Human papillomavirus in the placenta and umbilical cord blood.

Acta Obstet Gynecol Scand. 2008;87(11):1181-8.


Department of Obstetrics and Gynecology, Turku University Central Hospital, Turku, Finland.



To analyze human papillomavirus (HPV) DNA in umbilical cord blood and in placenta, including its cellular localization.


Longitudinal prospective study.


Maternity Unit of Turku University Hospital, and MediCity, University of Turku.


Placental and cord blood samples obtained at delivery from 315 mothers and 311 neonates included in the Finnish HPV Family Study.


HPV testing by nested PCR and sequencing. Tyramide amplified in situ hybridization (ISH) for viral DNA localization in placenta. Correlation to mother’s and neonate’s oral and genital HPV status and maternal demographic data.


Detection and cellular localization of HPV DNA.


HPV DNA was detected in 4.2 and 3.5% of placenta and cord blood samples, respectively, including HPV types 16, 6, 83 and 39. In placenta, HPV6 and 16 DNA was localized in syncytiotrophoblasts. Abnormal cytology increased the risk of HPV+ placenta and cord blood. History of genital warts was the only independent predictor of cord blood HPV in multivariate analysis (adjusted OR=4.0, 95% CI: 1.09-14.54, p=0.036). HPV DNA in cord blood increased the risk of genital (OR=4.0, 95% CI: 1.08-14.83, p=0.048) and oral (OR=4.4, 95% CI: 1.17-16.14, p=0.039) HPV DNA carriage of the neonate. HPV+ placenta increased the risk of oral HPV of the neonate (OR=8.6, 95% CI: 2.73-27.13, p=0.0001). Delivery mode did not predict HPV status of the neonate.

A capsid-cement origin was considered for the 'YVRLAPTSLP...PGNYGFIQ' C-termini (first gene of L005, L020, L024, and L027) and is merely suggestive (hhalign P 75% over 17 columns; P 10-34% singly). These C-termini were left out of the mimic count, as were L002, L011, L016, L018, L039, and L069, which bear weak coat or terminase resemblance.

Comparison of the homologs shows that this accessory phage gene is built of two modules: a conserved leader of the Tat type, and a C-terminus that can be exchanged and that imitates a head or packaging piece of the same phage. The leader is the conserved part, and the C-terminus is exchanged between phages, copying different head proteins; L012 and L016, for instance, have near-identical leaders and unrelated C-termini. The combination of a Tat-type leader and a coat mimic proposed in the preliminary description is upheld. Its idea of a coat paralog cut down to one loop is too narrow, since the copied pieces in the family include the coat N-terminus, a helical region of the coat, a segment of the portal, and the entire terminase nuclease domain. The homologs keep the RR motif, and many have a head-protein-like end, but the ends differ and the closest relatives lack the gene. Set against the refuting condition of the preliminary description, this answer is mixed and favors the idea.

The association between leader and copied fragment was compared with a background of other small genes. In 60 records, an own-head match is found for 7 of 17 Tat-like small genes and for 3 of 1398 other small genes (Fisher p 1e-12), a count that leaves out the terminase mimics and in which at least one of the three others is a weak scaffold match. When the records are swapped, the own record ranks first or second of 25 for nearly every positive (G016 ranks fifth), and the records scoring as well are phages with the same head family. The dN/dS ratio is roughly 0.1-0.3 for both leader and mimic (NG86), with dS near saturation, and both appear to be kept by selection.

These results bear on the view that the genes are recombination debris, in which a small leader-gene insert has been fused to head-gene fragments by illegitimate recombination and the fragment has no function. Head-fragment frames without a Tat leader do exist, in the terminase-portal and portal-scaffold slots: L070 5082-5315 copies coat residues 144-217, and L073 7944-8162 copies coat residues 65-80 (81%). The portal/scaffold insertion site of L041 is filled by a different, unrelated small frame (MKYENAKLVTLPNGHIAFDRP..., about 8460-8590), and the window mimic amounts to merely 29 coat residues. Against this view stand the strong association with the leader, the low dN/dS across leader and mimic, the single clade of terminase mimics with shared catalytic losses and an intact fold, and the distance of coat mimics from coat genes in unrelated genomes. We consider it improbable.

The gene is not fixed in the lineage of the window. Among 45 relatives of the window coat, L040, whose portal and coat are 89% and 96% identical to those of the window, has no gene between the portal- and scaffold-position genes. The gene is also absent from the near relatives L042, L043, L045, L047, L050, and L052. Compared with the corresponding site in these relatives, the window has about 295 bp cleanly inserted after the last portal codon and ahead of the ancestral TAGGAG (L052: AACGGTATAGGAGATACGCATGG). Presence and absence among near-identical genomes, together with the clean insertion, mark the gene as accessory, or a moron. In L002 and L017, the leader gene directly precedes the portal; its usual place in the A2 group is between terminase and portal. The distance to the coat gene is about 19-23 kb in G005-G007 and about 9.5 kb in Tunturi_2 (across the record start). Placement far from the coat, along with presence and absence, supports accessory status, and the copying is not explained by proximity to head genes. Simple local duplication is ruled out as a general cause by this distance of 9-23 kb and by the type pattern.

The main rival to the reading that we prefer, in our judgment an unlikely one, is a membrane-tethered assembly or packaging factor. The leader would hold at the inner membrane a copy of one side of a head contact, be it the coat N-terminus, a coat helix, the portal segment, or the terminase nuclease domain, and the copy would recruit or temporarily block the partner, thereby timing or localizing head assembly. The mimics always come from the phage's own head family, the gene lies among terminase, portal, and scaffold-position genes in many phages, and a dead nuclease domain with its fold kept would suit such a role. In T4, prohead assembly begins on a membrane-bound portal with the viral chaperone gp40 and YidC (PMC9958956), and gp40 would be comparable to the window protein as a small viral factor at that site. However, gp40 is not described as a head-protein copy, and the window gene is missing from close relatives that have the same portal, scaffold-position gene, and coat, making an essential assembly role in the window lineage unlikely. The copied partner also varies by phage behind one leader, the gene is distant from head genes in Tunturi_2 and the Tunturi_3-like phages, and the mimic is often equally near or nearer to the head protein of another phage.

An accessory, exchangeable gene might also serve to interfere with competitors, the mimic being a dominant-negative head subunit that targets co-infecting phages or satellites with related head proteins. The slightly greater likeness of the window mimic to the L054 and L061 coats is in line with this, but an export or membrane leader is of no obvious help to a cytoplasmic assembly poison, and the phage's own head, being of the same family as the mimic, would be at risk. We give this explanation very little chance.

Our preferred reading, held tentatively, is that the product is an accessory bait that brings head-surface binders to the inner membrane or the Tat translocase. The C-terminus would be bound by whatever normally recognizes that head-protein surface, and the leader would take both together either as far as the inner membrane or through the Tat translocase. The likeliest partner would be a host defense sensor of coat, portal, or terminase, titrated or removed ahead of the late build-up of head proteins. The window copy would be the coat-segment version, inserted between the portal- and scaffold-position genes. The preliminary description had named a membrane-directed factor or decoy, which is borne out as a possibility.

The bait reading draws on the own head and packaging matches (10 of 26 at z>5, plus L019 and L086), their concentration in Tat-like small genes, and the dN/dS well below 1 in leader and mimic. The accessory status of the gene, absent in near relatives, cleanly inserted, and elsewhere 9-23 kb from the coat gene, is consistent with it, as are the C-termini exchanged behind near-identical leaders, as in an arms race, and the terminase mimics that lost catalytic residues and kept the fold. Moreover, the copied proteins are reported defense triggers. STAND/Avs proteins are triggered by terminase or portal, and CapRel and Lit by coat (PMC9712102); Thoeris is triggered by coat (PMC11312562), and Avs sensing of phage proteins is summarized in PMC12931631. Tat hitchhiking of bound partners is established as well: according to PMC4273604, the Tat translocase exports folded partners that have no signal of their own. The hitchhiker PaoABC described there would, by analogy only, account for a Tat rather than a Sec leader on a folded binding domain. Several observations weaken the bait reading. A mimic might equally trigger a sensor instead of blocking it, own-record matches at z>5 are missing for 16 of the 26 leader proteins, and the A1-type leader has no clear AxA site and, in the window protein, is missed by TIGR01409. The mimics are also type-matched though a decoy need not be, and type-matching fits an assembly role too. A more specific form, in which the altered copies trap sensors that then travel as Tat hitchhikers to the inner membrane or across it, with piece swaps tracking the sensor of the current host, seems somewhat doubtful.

HPV DNA is detected in placental trophoblasts and umbilical cord blood. The presence of HPV DNA at these sites increases the risk of a neonate testing HPV-positive at birth.

[PubMed – indexed for MEDLINE]


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This study raises serious issues about HPV vaccine safety.  According to the May 2006 VRBPAC documents, if a woman is previously exposed to HPV and receives Gardasil her chances of cervical cancer increase 44.6%;  approx. 35% with Cervarix.  Proves that HPV is not a sexually transmitted disease.



Author: Leslie Carol Botha

Author, publisher, radio talk show host and internationally recognized expert on women's hormone cycles. Social/political activist on Gardasil the HPV vaccine for adolescent girls. Co-author of "Understanding Your Mood, Mind and Hormone Cycle." Honorary advisory board member for the Foundation for the Study of Cycles and member of the Society for Menstrual Cycle Research.